Wednesday, April 15, 2009

A Day in the Bulb Fields

Fred and I took the day off today to ride our bikes through the bulb fields and go to the Keukenhof. (There was no connection, but yesterday was Fred's birthday. And my niece, Allyssa turned 16 yesterday. So belated Happy Birthday to both of them.)

I'm in my sixth year of living here and I had never been to either the bulb fields or the Keukenhof. Seemed like a pity. Now we've done it. (Fred for the first time in 20 years or so.) The problem with the Keukenhof is that it's only up and blooming for two months of the year. So everyone has to go then. If you go on a weekend or holiday, that just compounds the throngs of people. Go on a week day. It was just Fred, me and a lot of white haired people. If you haven't had a day in the bulb fields or at the Keukenhof, regardless of where you live, you ought to go. It's really something. Even at the end of the day, we were stopping and saying, "Wow. Look at that!"

In case you're wondering the route we took, I'll tell you. We rode our bikes to Amsterdam Central Station (after rush hour) and took ourselves and the bikes to Haarlem Central Station. From there, we rode through the bulb fields to the Keukenhof. Fred's brother-in-law estimated that it would be a two-hour bike ride. (Later, I said, "Thank you for not telling me that.") It was more like an hour and fifteen minutes with lots of stops for taking pictures. You could probably do it in two hours if you were Nordic walking, a favorite pass time of Bart.

And while it was just riding the bike along very flat stretches of farm land and leisurely walking through the gardens, we were really tired when we got home, and it may be an early night. We were gone for twelve hours, and other than sitting down to eat breakfast and supper, we were moving the whole time. I'm going to write about the bulb fields here and the Keukenhof tomorrow.

I have to say that riding through the bulb fields on a bike - if you can - is the way to do it. You go at your own pace and you can ride where you want. I was sort of amazed that the fields were so open. Of course people are very respectful that these fields are someone's private property and someone's living, so it's not a problem. They just walk in, take a few snaps and leave.

This is a field of hyacinths. If you like the smell of hyacinths, this is the place for you. Of course, after a while, it's a little bit too much. It reminded me of Hershey, Pennsylvania. They say it smells like chocolate there all the time. Chocolate smell is nice for a while. Same with hyacinth smell. It smelled like an old lady who was wearing too much of a really flowery perfume. But it was beautiful - and I like hyacinth smell. It reminds me of Patty.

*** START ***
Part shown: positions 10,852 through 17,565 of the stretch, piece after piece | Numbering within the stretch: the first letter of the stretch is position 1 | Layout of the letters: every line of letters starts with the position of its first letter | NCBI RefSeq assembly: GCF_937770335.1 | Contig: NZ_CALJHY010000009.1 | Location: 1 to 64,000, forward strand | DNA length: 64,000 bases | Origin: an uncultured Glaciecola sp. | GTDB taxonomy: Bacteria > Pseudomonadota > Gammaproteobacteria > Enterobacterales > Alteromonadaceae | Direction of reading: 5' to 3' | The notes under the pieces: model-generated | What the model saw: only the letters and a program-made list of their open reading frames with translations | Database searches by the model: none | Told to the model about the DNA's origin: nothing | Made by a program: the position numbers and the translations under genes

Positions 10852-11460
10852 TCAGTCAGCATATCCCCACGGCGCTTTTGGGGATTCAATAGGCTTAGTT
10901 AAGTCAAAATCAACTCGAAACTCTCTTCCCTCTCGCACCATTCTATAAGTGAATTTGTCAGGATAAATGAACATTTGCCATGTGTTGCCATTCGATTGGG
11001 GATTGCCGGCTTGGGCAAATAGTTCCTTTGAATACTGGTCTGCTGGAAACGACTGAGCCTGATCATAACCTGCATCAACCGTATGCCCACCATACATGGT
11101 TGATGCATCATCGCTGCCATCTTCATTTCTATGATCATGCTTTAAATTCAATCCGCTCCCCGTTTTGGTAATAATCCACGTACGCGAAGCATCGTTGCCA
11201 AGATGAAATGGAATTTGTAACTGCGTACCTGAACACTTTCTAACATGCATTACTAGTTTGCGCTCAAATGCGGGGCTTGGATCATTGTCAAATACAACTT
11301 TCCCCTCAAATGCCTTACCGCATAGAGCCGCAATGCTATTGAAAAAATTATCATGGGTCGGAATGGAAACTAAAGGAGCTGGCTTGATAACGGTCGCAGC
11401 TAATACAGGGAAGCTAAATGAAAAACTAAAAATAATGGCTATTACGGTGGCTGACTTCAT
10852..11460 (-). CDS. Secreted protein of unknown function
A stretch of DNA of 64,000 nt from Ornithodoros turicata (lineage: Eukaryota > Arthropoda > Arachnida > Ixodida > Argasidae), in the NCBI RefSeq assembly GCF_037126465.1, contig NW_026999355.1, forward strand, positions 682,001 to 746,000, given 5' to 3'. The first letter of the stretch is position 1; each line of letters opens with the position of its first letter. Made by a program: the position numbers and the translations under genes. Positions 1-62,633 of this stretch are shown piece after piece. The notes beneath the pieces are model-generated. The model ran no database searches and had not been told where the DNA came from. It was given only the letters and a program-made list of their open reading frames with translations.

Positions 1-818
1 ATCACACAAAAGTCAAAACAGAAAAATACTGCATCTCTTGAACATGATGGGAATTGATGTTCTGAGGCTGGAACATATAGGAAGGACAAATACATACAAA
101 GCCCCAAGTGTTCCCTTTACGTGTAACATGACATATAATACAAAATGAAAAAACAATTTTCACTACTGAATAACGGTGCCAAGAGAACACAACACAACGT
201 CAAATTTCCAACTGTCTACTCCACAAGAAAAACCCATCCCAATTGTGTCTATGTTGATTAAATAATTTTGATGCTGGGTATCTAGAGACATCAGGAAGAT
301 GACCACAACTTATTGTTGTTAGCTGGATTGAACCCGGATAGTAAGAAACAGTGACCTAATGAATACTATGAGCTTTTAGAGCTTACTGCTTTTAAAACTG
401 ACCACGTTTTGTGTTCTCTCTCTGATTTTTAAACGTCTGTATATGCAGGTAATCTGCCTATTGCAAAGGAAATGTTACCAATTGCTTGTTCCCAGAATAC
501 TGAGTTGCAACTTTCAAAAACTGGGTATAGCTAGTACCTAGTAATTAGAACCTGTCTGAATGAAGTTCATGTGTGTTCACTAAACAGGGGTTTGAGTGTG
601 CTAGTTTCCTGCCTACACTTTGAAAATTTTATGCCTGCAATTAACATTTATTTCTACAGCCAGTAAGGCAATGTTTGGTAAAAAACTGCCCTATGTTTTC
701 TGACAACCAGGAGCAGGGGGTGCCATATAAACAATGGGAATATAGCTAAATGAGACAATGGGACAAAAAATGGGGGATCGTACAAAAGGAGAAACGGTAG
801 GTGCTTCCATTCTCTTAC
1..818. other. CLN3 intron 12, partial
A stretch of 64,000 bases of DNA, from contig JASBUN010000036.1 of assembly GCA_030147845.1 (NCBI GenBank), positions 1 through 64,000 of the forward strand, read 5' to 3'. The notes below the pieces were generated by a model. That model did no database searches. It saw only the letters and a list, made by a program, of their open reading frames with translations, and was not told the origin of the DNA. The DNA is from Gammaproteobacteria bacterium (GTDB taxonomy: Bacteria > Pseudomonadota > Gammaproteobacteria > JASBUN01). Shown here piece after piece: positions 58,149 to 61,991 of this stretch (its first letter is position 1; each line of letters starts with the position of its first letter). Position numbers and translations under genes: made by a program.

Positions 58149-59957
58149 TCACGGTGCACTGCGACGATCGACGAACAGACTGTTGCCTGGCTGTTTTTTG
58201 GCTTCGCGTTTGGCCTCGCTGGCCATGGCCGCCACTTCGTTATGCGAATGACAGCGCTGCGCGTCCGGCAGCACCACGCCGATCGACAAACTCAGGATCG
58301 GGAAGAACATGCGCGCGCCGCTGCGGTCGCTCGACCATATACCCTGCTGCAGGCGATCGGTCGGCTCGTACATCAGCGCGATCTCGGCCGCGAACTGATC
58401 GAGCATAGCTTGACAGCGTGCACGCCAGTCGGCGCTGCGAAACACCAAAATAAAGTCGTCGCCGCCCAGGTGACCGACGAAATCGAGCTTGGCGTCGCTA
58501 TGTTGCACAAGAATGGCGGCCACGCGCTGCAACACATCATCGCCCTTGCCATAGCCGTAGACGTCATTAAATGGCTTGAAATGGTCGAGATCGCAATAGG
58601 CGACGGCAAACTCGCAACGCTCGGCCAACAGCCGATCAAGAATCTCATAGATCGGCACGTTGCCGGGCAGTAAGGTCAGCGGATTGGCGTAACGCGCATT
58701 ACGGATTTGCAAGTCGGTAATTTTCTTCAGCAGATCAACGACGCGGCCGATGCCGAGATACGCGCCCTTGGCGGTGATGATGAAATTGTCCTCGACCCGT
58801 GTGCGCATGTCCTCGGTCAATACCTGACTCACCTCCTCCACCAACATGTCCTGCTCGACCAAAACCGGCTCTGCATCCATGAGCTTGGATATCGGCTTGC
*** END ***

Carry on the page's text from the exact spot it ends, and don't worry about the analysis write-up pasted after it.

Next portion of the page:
These are tulips. Orange tulips are not my favorite, but when there are thousands of them in a field, I like it. Some of the flowers on the route were in full bloom and some were not yet blooming. Still others had lost their bloom. I bet we could go back next week (we won't) and it would be really different. Incidentally, there are all kinds of flowers out there, not just tulips and hyacinths. We saw daffodils and a few other kinds of flowers. But I guess bulbs are really the point, huh?

I love seeing a farmer in his field. It doesn't seem like there would be a whole lot to do when your whole field is covered in flowers, but we saw a couple of farmers out walking the rows looking at something. Pests, maybe? How dry the soil is? We also saw a couple of guys in a field of dark tulips plucking out some white tulips that had gotten into the mix. They waved and asked if we wanted any. We did not, but a lady biker stopped and took a handful.

Before experiencing this first hand, I imagined that these fields would be all packed in together. They're definitely in the same area, but they're just speckled here and there, some small lots and some larger. There doesn't seem to be any method to what's growing where. But people live there and there are businesses. It's not just fields.

Not being a farmer and all, it didn't occur to me that the flowers in these fields are not for consumption (consumption here being defined as cutting and putting in a vase in your living room). Apparently (please correct me if I'm wrong) if you just let them grow and get through their whole life cycle, when they die back down, there are more bulbs. Propagation, I believe we call that. When I first heard that, I thought, I had no idea. It makes sense, but I hadn't thought of that. They probably do something with the stuff that's left over, right? I mean, it is the Netherlands. Check out the two purples in this photo.

It was just flowers and nature (and crowds) the whole day. (Well, the bulb fields had no crowds to speak of, but the Keukenhof was mobbed.) The sky in some of these pictures looks a little gray, but it was a beautiful, clear day the whole time.

Again, if you haven't done it, you should. The bulb fields should be on anyone's Things to See Before I Die list. It's worth the effort. Fred swears he won't go to the Keukenhof ever again, but I bet I'll get him to the bulb fields next year.

1 comment:

patty said...

Have I told you how much I love hyacinths? I must have. I would love to see all those hyacinths, and all of those flowers. next time....